In memory of Gabriel García Márquez
There are a lot of myths surrounding the death of Mr. M. I will not confirm nor contradict these myths; I will just tell the story as I know it.
The facts took place a few years ago—six, ten, thirteen years ago?—No one seems to agree on this particular point. However, everybody seems to accept the idea that it happened in Bogotá, near the corner of 27th St and 10th Av. It is my understanding that it all started at the end of Mr. M’s workday. He was done writing all the letters he had to send, he had signed all the documents he had to sign, and he had called all the clients he had to call; in short, he had done everything he had to do back then, and his daily professional duties had been fulfilled successfully. And so, Mr. M just walked out of his office in the fourth, fifth or seventh floor of the old brick building. He said goodbye to a few of his colleagues, maybe he shook hands with two or three of them on his way out. Mr. M pressed the elevator’s button and, while he waited, he stared through the window, distractedly looking at the transited and distant streets. He could have used the stairs, though; he knew some people actually believe that using the stairs every day is a pretty good cardiovascular exercise—an activity that, if practiced daily, could make a man’s life a little longer. But Mr. M was tired, you know how tired one gets during the working week. And seriously, who would use the stairs in a building where there’s a working elevator?
There was something very particular about Mr. M’s office building: it had the name of a goddess. The building was named after the Muisca goddess Bachué. In Muisca mythology Bachué is the mother of all humanity. According to the legend, she came from Lake Iguaque. After Bachué and her husband—who, by the way, was also her son—were done populating the planet, they turned into enormous snakes and returned to the lake, leaving the Muisca civilization to grow and prosper—until the Spaniards came, of course. Bachué is the name of the primordial life-giver… Perhaps this only makes the circumstances of Mr. M’s passing more ironic.
There was a mirror inside the elevator. Mr. M was alone, and he felt no shame while staring stubbornly at the glass surface. He unbuttoned the top button of his shirt and felt somehow relieved. He sure looked better that way, much more informal and relaxed. He put his left hand in his pocket, searching for a box of Marlboros. He really wanted to smoke a cigarete. Mr. M smoked between three and five cigarettes every day. He was left-handed.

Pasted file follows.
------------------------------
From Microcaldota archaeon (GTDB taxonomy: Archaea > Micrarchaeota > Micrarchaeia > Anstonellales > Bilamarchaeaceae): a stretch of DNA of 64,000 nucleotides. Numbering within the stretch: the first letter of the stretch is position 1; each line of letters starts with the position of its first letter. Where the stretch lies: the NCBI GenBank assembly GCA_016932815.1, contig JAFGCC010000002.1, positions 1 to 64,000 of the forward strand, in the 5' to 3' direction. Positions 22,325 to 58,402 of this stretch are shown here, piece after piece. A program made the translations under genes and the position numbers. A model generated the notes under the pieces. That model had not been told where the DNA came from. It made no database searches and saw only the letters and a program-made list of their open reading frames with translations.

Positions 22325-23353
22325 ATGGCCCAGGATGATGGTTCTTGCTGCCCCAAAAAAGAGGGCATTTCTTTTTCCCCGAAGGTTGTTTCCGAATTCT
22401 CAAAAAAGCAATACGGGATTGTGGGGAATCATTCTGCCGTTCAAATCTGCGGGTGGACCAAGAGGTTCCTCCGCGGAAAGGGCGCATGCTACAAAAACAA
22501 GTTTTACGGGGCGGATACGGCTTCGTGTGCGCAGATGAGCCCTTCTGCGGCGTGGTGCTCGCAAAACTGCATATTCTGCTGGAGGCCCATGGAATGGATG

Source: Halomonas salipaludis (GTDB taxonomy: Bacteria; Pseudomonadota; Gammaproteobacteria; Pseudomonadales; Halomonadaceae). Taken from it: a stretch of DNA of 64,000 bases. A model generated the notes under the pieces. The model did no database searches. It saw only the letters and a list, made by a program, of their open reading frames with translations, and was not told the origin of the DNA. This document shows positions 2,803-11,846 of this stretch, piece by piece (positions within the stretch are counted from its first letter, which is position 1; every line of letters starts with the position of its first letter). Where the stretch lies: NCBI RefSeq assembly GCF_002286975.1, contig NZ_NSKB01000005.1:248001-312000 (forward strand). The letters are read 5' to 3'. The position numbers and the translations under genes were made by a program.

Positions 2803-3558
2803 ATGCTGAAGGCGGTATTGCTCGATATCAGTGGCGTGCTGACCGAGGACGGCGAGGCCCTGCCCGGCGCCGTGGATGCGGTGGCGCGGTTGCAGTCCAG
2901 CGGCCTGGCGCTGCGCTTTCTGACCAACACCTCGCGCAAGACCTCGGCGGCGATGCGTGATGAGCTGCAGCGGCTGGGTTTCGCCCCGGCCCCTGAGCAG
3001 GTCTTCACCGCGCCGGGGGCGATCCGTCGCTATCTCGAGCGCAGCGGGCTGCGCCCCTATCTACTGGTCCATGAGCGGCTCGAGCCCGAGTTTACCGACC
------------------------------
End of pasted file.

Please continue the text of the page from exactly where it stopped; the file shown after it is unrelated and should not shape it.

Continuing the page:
The elevator’s doors were now open, and suddenly Mr. M saw something that he couldn’t quite understand: there was a furious, black fighting bull running his way. Mr. M thought he was experiencing a hallucination, “seeing things”—as Colombians say. The beast was too dark, too big to be real. He felt the ground trembling and, perhaps, he knew the monster had materialized when it got inside the elevator. In a moment of clarity Mr. M jumped back, but it was too late—the bull had gored him. Mr. M’s thorax was smashed in, many of his ribs were broken, and he somehow knew that he was bleeding inside—his heart stopped pumping blood in a question of seconds. No one was there to see what happened; no one was there to comfort him. Mr. M was all alone. He was dying, and he was alone.
A couple of blocks away there was a truck. The vehicle was empty and one of its axles was shattered. People were running scared, like terrified bugs running away from an angry boot. There were a few fighting bulls walking on the streets. I’ve heard that the truck was on its way to the Plaza de toros la Santamaría when a bus hit a big rock that was lying on the asphalt. Somehow the heavy rock was propelled towards the bottom of the truck, breaking one of its back axles. Things got crazy at the back of the vehicle; one of the bulls hit the door with all his might, smashing the lock from the inside.
In that moment of uncanny chaos one of the biggest bulls ran towards the good old Bachué, entered the building and encountered a man inside the elevator. The bull’s arrival to the building and Mr. M’s arrival to the hall were most certainly simultaneous events. The elevator opened its doors precisely when the bull was entering the building. Probably, the first thing that the bull saw in the spacious hall was Mr. M’s fragile figure. The encounter of these concise entities—Mr. M and the black fighting bull—was rather unlikely; still, it did take place, and the timing of both of them was ominously perfect.
Naturally, there’s no way of knowing what Mr. M would have thought about this story. Most certainly, the fantastic aura of the text would have been of no interest to him. But I still can see it in my mind, this very clear image of a pale left hand, dropping a fragile cigarette… and that bull, that enormous black bull. Now, if someone with a metaphysical disposition were to ask me about what became of Mr. M’s soul, I guess I wouldn’t have much to say. To put it plainly, I don’t really think we go somewhere else after we’re done living; I don’t believe that our conscience can survive our physical bodies. However, if Mr. M—or part of Mr. M—is indeed somewhere out there, I’m pretty sure he’s still trying to figure out just what the hell happened on that quiet afternoon, in the little elevator of the good old Bachué.
Juan David Cruz Duarte was born in Bogota, Colombia. He is lives in Clinton, SC. His work has been published in Fall Lines, the Dead Mule School of Southern Literature, Jasper Magazine, Blue Collar Review, Burningword, and elsewhere. Cruz Duarte published a collection of short stories, Dream a Little Dream of Me: cuentos siniestros, in 2011, and a short novel, La noche del fin del mundo, in 2012. His first collection of poetry, Léase después de mi muerte (Poemas 2005-2017), was published in 2018.